The Street Performer's Art: How to Get Started as a Busker

When James Muschler is seriously engaged in creating an artistic piece of music, he has been known to compose 40-minute-long pieces simulating 4 billion years of Earth's history based on biological fossil records. But sometimes, he just needs to pay the rent. That's when Muschler, a 20-year-old drummer, composer and New School music student, hits the streets of New York to play jazz or drum-and-bass with his friends in Washington Square Park.

"I've been on a street-performing binge," Muschler said on a recent summer evening as he took a break from playing with two other musicians, saxophonist Wenzl McGowen and keyboardist Jacob Bergson.

The beautiful weather had drawn hundreds of people to Washington Square Park, including several groups of musicians who had picked spots at well-spaced distances from one another so they could all play and work their trade without getting into each other's way. A steady flow of appreciative listeners kept dropping money in open guitar or brief cases, and every now and then, bands would stop playing to check out their competition.

When asked if their three-piece group had a name, Muschler answered: "This is just us, basically, playing on the street. It's better than working a real job. There's a strange musicians-hustlers vibe going here."

A long tradition

Street performing, also known as busking, is a centuries-old tradition that's been around since the days of wandering minstrels and poetry-spouting bards. The tradition continues now, all over the world, and street performers from way back then until today have found busking to be a quick and easy way to earn some cash.

"And you have to make friends with the cops," McGowen said, noting that in his experience, the police at Washington Square are generally friendlier toward street performers than the officers on Union Square, a few blocks away.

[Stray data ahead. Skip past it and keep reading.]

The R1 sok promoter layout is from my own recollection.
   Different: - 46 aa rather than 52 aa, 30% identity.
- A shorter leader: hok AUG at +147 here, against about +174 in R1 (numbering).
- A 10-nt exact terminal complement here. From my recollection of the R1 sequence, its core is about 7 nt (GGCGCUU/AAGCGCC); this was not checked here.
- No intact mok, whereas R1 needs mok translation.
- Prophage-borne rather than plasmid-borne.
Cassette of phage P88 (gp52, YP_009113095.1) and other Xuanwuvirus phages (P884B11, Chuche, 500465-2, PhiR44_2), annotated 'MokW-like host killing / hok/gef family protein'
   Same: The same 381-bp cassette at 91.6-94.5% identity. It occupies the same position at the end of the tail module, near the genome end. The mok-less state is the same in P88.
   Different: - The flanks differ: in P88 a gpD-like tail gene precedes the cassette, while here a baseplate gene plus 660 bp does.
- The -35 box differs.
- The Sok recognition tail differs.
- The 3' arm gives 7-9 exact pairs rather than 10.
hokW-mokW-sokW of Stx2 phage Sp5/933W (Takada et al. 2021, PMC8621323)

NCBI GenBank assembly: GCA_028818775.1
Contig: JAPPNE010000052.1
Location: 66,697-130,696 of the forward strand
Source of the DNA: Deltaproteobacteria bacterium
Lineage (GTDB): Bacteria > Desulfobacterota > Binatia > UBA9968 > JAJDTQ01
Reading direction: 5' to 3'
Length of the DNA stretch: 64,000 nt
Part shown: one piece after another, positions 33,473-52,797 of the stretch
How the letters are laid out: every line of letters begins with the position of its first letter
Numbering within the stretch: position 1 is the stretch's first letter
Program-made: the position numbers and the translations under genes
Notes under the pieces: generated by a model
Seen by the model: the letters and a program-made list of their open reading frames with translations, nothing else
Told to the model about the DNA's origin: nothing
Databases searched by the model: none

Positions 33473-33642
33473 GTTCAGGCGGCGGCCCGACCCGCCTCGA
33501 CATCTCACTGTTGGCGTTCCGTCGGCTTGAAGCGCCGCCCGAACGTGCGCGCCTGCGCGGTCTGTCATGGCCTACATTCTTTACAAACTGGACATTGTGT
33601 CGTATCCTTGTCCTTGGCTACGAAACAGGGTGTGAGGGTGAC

On a good day, when he and his traveling drum kit are really hitting it right, Muschler can earn as much as $70 to $80 in change collected from both passersby and people who stay to listen. How did he get started as a street performer? "It's simple," Muschler said. "I just started going out on the streets and playing. I realized I could kill two birds with one stone by practicing music all day while earning some money at the same time. It's really fun to play outside, plus you get the exchange with people. And now I'm paying my rent, so I'm out here more."

Muschler is such a pro by now that he was showing Bergson the street-performing ropes that night. Bergson, whose play on his first night out involved blowing into a little melodica, said they were doing a drum-and-bass set because it seemed to pay better than jazz.

A new friend to the three musicians, Miriam Taylor, sat on a nearby bench and listened as they played. Taylor, a young woman from Oxford, Miss., who is spending her summer as an intern at Rolling Stone magazine and living in a New York University dorm room, said she often likes to spend her evenings eating dinner in the park and hanging out with the street performers there.

And while some of the musicians have been there for years, she said, others just play for their next meal: "I have a friend who just took his guitar out here one day and earned enough money to buy himself dinner."

A busker's life

Want to know more about busking as a street performer? Check out these sites:

  • Busker World. This insider's guide to busking provides a history of street performance, busking hot spots, etiquette tips and loads of other essential information.

  • Street Arts and Buskers Advocates. This advocacy site lays out loads of news, links, legal citations, references and directories for street performers.

  • NYC Musician or Performer Permit. This New York City government site describes in detail when buskers do and don't require a permit.

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